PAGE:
Gambler’s Guide To The NBA Playoffs: Western Conference Round One

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Lacking the drama of the East, the West features four clear favorites to advance to the semi-finals, with the bottom three seeds limping into the postseason. The money line series bets are likely to be astronomically high. With the Warriors and Spurs such heavy favorites, it’s possible most books (and bookies) won’t even take action on a straight series wager. So the key here is total games. Can the Rockets steal one at home from Golden State? Will the Spurs and their archaic rotation stumble? Here are the investment (better phrase than gambling) opportunities in the Western Conference’s first round:

1. Warriors vs. 8. Rockets

Before the season, some prognosticators and “experts” expected this matchup, but in the conference finals, not the first round. The Rockets, after firing Head Coach (and Boston legend) Kevin McHale barely a month into an already underwhelming season, limped their way to a half game from the NBA draft lottery. The worst defensive team in the playoffs, led by perhaps the game’s worst overall defender in James Harden, the Rockets look like a roster two weeks from total destruction. I could go on all day about Steph Curry and the incredible season the 73-win Warriors have had, but the Rockets are probably the only team in the league more upset about the Utah Jazz missing the playoffs, and subsequently forcing Houston to delay offseason vacation reservations a week or two, than the Jazz themselves. To be fair, on paper, the Rockets are a talented team led by two borderline superstars and a host of reliable role players, including a dynamic front line of athletic (and young) bigs behind Howard, but this team, like Donnie’s solo album, puts forth a disgraceful effort.


Warriors in 4.

2. Spurs vs. 7. Grizzlies

I cannot help but feel bad for coaches in Memphis, where owner Robert Parra apparently feels every season is “championship or bust.” First, there was the immortal (seriously, he’s at least 100) Hubie Brown who was pushed out after making the playoffs in two of his final three seasons. Then Lionel Hollins was fired and damned to a season and a half with the Nets after losing in the Western Conference Finals. And now supposedly current Coach Dave Joerger could be on his way out. The Grizzlies are without their two best players, Marc Gasol and Mike Conley, for the rest of the season, only falling from the 5th to 7th seed due to the dumpster fires in Houston, Utah, and Denver. Without the services of their “stars,” relying on a starting lineup including Matt Barnes, Mario Chalmers, and Chris “Birdman” Andersen, the Grizzlies legitimately must hope for San Antonio’s decrepit roster (only team in the league to include three of their top seven rotation players over the age of 34) to collectively break several hips, to advance to the next round. This one could get ugly.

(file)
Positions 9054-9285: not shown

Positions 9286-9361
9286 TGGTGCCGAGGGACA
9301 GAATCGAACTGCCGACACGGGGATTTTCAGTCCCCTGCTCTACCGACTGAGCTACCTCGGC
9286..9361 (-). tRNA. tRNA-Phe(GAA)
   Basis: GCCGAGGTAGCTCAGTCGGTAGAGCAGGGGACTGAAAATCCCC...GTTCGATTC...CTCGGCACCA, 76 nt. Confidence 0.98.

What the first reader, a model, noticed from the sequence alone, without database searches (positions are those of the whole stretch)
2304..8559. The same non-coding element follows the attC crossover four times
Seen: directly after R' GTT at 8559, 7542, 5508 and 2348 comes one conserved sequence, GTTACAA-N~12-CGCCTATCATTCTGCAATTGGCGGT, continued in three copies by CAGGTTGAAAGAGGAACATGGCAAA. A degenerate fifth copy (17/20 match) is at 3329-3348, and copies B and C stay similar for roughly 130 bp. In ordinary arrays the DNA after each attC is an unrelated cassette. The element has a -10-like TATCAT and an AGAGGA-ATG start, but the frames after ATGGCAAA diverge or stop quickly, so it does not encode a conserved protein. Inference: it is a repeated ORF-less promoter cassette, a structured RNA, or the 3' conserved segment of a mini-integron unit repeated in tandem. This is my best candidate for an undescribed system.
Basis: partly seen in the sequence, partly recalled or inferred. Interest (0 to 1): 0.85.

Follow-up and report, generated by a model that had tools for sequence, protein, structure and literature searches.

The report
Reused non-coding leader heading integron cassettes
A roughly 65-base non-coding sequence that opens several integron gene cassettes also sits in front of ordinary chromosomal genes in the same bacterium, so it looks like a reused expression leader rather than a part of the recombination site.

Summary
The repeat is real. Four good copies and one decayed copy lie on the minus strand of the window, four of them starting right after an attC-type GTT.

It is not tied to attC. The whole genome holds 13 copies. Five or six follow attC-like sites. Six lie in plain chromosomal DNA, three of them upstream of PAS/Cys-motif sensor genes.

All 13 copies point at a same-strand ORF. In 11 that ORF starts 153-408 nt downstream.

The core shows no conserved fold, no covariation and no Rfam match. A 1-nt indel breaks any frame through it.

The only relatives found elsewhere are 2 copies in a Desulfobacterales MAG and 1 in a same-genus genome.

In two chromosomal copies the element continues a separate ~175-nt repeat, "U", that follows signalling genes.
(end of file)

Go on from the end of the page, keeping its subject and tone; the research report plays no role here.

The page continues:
Spurs in 4.

3. Thunder vs. 6. Mavericks

First-year coach Billy Donovan has managed to justify Scott Brooks’ firing by getting the Thunder back to where they always are: a top three seed everybody knows won’t win a championship. The Thunder have surrendered more 4th quarter leads than any team in the NBA this season, sporting the worst overall record in games decided by five points or less of any top four seed in either conference. Here, however, as much as I hate to say this about a team owned by the most frat owner in professional sports, the Mavs should not be close enough come crunch time to incite another Thunder collapse. The Mavs, apparently attempting to assemble a roster that could make a serious run if it was 2007 (Dirk, Deron Williams, Raymond Felton, Charlie Villanueva, Devin Harris), have watched their championship window slam shut. Dallas, unlike their rival in Houston, is a team of immense pride and grit under two-time NBA Coach of the Year Rick Carlisle. I just can’t see him, or Dirk, letting this turn into a sweep.


Thunder in 5.

4. Clippers vs. 5. Trailblazers

My friends and I refer to everyday failings at what should be simple tasks as “Clippering.” Perhaps due to the unfathomable collapse in last year’s playoffs, or the simple fact the Clippers, led by two of the most popular superstars on Earth in Chris Paul and Blake Griffin and the league’s second highest paid coach, Doc Rivers, have managed to accomplish essentially nothing in the last half-decade. Rivers, who has full roster control, hence the signing of his son (to be fair, he was a little better this year), will take perhaps this group’s final shot at being something more than the occasional alley-oop highlight. The Blazers are perhaps the most surprising team in the league, after losing essentially all of their good players outside of point guard Damian Lillard (LaMarcus Aldridge, Nicholas Batum, Wesley Matthews) for little to no return. Many penciled the Blazers into the lottery before the season. After a rough start that saw Portland as low as 11th in the conference near the All-Star break, the Warriors completed the second half of the season with the league’s 4th-best winning percentage, with both Damian Lillard and second-year guard CJ McCollum averaging over 22 points per game. The Blazers are extremely young, fast paced, and seemingly unafraid of the big moment, while Head Coach Terry Stiles is the clear favorite for the Coach of the Year award not named Steve Kerr. Chris Paul, though, will refuse to allow this era to end with such a whimper. A high exciting series, though, and a long one.


Clippers in 6.

For the Eastern Conference preview, click here.

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